We were so sorry to hear that one of the Intentional Manifestation Units you ordered was lost in transit.  Our entire shipping staff is inconsolably rolling on the floor in grief.  Once we have finished our lamentations, we will get right to work producing a replacement unit and shipping it your way, double-protected against flux storms and unfortunate probability adjustments.  We will make sure it is a deluxe model equipped with enhanced benevolence and happiness potential.  Customer satisfaction among both deities and their believers is our highest priority!

Our trace indicates that the unit in question was deflected in transit by a probability disruptor in an adjacent dimension. There is a slight possibility that the unit is stuck in a warp loop and will eventually manifest in your location. If this happens, please notify us as soon as possible.  Do not attempt to use the unit.  It will undoubtedly need calibration and may not work as designed.

One thousand face palms in your direction,

Bloog Glaxon
Shipping Minion 85th Class
Deity Supply Enterprises

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Teaching Arguments: Rhetorical Comprehension, Critique, and Response

I first met Jennifer Fletcher when she joined our ERWC Task Force as a high school representative. At the time she was Chair of English at Buena Park High School, but she was working on a Ph.D. at UC Riverside (and raising two kids!). Soon she surprised us by taking an English Education position at CSU Monterey Bay. Jennifer has an amazing resume: high school teaching, chairing a department, scholarship, and publications. She is quite agile in moving from theory to practice. And she lives and breathes ERWC.

So it was no surprise to me when she published this wonderful and timely book, Teaching Arguments: Rhetorical Comprehension, Critique, and Response.

teachingargumentscover

The book synthesizes concepts from classical rhetoric, modern rhetoric, Common Core State Standards, and Jennifer’s teaching experience and wisdom. It manages to be both academic and personal, with practical teaching strategies on every page. As Jennifer herself says in the introduction:

This book is about opening doors to deeper learning for all our students through a rhetorical approach to arguments—an approach based on situational awareness and responsiveness instead of rules and formulas. Throughout the chapters, you’ll find detailed examples of activities, such as the rhetorical précis, descriptive outlining, and the doubting and believing game, that show students how to move beyond a superficial response to texts (xiv).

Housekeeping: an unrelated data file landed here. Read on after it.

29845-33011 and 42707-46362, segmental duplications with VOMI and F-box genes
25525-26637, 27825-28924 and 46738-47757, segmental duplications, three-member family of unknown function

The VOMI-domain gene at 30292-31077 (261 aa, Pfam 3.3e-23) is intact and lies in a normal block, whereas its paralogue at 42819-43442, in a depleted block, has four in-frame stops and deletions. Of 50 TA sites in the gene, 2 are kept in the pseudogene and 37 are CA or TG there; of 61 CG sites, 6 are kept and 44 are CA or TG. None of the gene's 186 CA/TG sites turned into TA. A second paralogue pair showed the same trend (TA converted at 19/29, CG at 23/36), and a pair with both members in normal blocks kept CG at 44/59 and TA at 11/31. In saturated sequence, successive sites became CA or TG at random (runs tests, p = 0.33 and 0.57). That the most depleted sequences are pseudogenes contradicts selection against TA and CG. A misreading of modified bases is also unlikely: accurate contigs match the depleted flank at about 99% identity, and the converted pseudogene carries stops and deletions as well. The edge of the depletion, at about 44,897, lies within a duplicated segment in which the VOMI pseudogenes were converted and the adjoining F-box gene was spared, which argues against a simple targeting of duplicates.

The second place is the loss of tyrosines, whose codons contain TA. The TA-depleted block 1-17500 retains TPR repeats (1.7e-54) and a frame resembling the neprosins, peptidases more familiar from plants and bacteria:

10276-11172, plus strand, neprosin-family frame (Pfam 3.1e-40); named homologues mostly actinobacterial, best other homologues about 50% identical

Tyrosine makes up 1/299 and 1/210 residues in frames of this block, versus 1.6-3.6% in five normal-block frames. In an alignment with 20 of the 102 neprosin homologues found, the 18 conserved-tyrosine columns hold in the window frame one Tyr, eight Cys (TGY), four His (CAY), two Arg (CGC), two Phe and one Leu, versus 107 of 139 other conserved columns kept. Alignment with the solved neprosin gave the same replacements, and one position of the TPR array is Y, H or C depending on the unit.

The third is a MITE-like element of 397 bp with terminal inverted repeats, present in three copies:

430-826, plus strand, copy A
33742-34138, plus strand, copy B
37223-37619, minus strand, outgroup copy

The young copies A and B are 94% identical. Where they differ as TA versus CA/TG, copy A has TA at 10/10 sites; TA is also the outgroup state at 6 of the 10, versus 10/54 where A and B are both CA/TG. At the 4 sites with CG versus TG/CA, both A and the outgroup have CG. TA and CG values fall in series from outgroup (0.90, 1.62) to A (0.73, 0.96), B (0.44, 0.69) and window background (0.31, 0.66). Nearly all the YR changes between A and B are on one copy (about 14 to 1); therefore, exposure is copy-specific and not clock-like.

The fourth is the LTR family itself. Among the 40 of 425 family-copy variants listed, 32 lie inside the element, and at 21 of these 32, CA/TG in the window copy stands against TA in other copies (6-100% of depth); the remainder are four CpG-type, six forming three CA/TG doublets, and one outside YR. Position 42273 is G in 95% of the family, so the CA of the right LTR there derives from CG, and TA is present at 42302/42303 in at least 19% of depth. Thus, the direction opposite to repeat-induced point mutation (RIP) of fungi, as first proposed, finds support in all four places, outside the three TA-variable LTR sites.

A bit later she offers a justification for teaching rhetorically:

Rhetoric targets the conventions and processes of high academic literacy, including the sophisticated responsiveness to context that characterizes college and workplace writing. Writing rhetorically means writing with attention to argument, purpose, audience, authority, and style demanded by academic texts (xv).

The first chapter is about “open-minded” inquiry. It begins with activities for closely attending to the features of a text, even a visual text such as a painting. Then Peter Elbow’s “believing game” is introduced (the “doubting game” will appear in the next chapter) along with checklist questions for facilitating the activity. This is demonstrated through a detailed analysis of an op-ed by David Brooks, followed by a section on “Discovering the Question at Issue” which is built around the Ciceronian concept of stasis. Stasis theory is presented with lots of examples and sample questions, making it clear how it might be used with students. Though the theories deployed span centuries, everything is tied together by the focus on the classroom and the students and by the author’s personal experience.

Subsequent chapters discuss critical approaches to text, modern application of the ancient Greek concept of Kairos (timeliness and appropriateness), audience, purpose, and the three appeals–ethos, pathos and logos. The chapter on the appeals is especially useful because it goes deep into each appeal rather than engaging in the checklist sort of approach that many teachers fall into. Every rhetorical concept is described, contextualized, demonstrated, and explained, often with charts, handouts and other activities that can be used directly in class, with more available in the appendix.

The final chapter is called “Aristotle’s Guide to Becoming a ‘Good’ Student,” but it is really Jennifer’s guide. It focuses on habit, identity, confidence, self-perception, performance, insiders versus outsiders, modeling, mentoring, teachable moments, imitation, and flow. Obviously these concepts go far beyond Aristotle. Reading this book is like accompanying the author on a personal intellectual journey through rhetoric and teaching, a journey on which you learn, grow, and pick up handouts that you can use on Monday morning. I recommend it highly.

Fletcher, Jennifer. Teaching Arguments: Rhetorical Comprehension, Critique, and Response. Portland, Maine: Stenhouse, 2015.

The ERWC and the CAASPP

Teachers have been asking, “Does the ERWC prepare students for the CAASPP (California Assessment of Student Performance and Progress)?” The CAASPP includes the Smarter Balanced English Language Arts assessments, part of which is the “Argumentative Performance Task Full Write.” The sample “Performance Task” on the Smarter Balanced website concerns “Financial Literacy.”